It was a seriously glorious vacation. The two variables I use for measuring gloriousness are:
a) number of soggy swimsuits on any given day.
b) amount of time spent hanging out with the locals.
I needed a minimum of four swimsuits this year (they take forever to dry up there). And we had fun times each day chatting with the innkeepers and their friends. Their breakfast chef, an extraordinary cook, has just co-written a book about the community-oriented restaurant he and a partner just opened on the island; he kindly gave me a signed copy. He started his career in Boston decades ago, and we had a long, lively discussion about restaurants past and present. He made us some of the best breakfasts (and a lunch, and a crème brulée) we've ever had. We enjoyed lots of pool time with the innkeepers and some of their friends, who sometimes drop by late in the day for the hot tub. We are invited to sail with a couple of them next year. We also met up with our cousins for dinner and spent time visiting in their two art galleries in Bar Harbor.
We also ran into Bostonians. Our art-dealing cousin told me that she'd heard that a certain MFA curator was supposed to be on the island someday to give a lecture; she wasn't sure of the date. I was mentioning this to my husband as we wandered onto the porch at the old Claremont Hotel one morning and, lo, the curator turned around in her rocking chair to greet us. She was one of the team who critiqued my recent writing project, so it was an odd coincidence. Southwest Harbor is a tiny town but, hey, it's a small world.
My husband ran into a colleague of his as we were sitting in front of the library one day, too. She invited us for an impromptu dinner with her family but we already had plans.
Even though we're much more sociable on vacation than we are at home, we miss our cats to distraction. So, my husband, whom I married for 24/7 Mac support, hooked up my ancient laptop to a web cam, taped the camera to the wall, and got some trial software that let him control the laptop remotely. Thus we were able to tune into our living room every morning on his laptop. Unfortunately, we weren't able to get iChat or any sound, so we couldn't call the cats over to the camera. Instead we watched the occasional sleeping or wandering feline, looking bored. Most often we saw Snalbert sleeping on the coffee table. We never saw Possy. It was wonderful to see anyone, but frustrating because we'd catch only a few fuzzy, frozen glimpses before the connection went to pot. Next time, we'll use a better computer and we should have better luck. I look forward to conversing with the male cats, who both like to talk.
We consoled ourselves with the local cats, who are delightfully friendly and beautiful. We found Ruby devouring a bird, leaving nothing but a few feathers and a bit of a wing. I took photos, but I'll spare you the sight of her munching and crunching. Still, we were impressed; this is what cats are born to do, and it's the ideal diet for them. (I don't feel the same about coyotes and fisher cats eating pussycats, however. The neighborhood food chain has to stop somewhere, doesn't it?)
We always schedule our August trip to Southwest Harbor to coincide with my birthday; the innkeepers always tease me and promise not to make any fuss — as they make a fuss. We found a bouquet of garden flowers in our bungalow this year. And I was completely, irrationally, and undeservedly spoiled with presents by my husband. Every day, a little present appeared out of nowhere with a funny little poem taped to the front. (I think he starts planning this the day after Christmas. He refuses to discuss his strategy.) Through the week, he gave me books, a jigsaw puzzle, and an Apple album he made with photos of the kittens. On the day itself, he gave me two gorgeous little paintings by my favorite artist, Teri Malo. I wrote about her recent show and whined about how my favorite paintings had sold very quickly. That sneaky boy! I am still in shock.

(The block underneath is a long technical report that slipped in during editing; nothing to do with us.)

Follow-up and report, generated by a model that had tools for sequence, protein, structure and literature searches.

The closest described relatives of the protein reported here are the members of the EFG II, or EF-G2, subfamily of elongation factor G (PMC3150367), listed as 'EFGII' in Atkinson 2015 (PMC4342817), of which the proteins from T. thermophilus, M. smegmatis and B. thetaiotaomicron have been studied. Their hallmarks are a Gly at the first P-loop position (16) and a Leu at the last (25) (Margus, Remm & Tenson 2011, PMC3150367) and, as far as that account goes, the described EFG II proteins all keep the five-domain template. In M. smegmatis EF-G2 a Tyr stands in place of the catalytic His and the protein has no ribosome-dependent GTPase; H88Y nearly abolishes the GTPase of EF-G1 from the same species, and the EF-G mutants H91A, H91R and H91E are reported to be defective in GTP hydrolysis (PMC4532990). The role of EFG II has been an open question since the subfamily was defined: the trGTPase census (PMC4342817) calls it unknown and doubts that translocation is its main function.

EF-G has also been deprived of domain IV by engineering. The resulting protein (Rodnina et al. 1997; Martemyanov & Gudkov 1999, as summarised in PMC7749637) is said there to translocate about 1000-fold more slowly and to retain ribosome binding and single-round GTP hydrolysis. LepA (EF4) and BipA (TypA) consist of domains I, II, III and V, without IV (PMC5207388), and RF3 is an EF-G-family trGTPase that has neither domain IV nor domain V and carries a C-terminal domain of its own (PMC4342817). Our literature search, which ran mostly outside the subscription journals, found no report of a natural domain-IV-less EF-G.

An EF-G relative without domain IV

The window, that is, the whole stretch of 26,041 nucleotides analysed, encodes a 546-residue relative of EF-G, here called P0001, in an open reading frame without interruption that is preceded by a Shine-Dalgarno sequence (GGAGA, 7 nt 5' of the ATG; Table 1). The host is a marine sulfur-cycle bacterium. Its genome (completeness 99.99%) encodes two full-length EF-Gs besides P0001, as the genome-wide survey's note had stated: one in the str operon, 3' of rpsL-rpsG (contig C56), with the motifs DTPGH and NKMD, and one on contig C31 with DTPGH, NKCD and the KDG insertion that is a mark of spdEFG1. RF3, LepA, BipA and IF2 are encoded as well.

When we came home, I found yet another present. Someone had left us a "protest poop" on the towel I used to "protect" the sofa. Devious, deliberate, and disgusting: Whodunnit? I suspect Snicky, since she did it before, when we first got the sofa and she preferred the old one. We caught her by using a web cam. (Our vet suggested we feed each cat crayon shavings in a different color, mixed into food, to identify the culprit.)
I was only thinking about cat hair when I put down that towel; Snicky had other ideas. Well, we'd been gone for eight days, and I don't think she likes the cat sitter, who has to give her pills. Snicky has a temper.
I wish it hadn't been one of my best towels.
I pulled out the same Vet Carpet Stain and Odor Eliminator I'd used to nearly destroy my husband's computer last year. I also saturated the cushion with Nature's Miracle "Just for Cats" Odor and Stain Eliminator. Fortunately, our sofa is slipcovered so I can both attack with chemicals and throw the slipcover in the laundry.
But last night, while the cushion cover was still drying, someone left a "protest pee" in the corner of the sofa where the cushion had been. That was a first. I was vacuuming the sofa today (this was during a break from adoring Possum, who kept curling up on me). when I noticed a sharp new smell. It was fairly dilute pee, so definitely a cat with kidney trouble. I can't imagine Snalbert doing that. He'd be more likely to sabotage my laptop. It had to be Snicky (even our vet believes she's a sadist). I have no idea why she felt we deserved that, but more chemicals seem to have done the trick. I dread seeing what else might materialize tomorrow morning.
Bleah. I think I need a vacation....
But, clearly, we are under orders to stay put and never take another trip. Don't tell Snicky, but we've already booked three nights at the inn in October.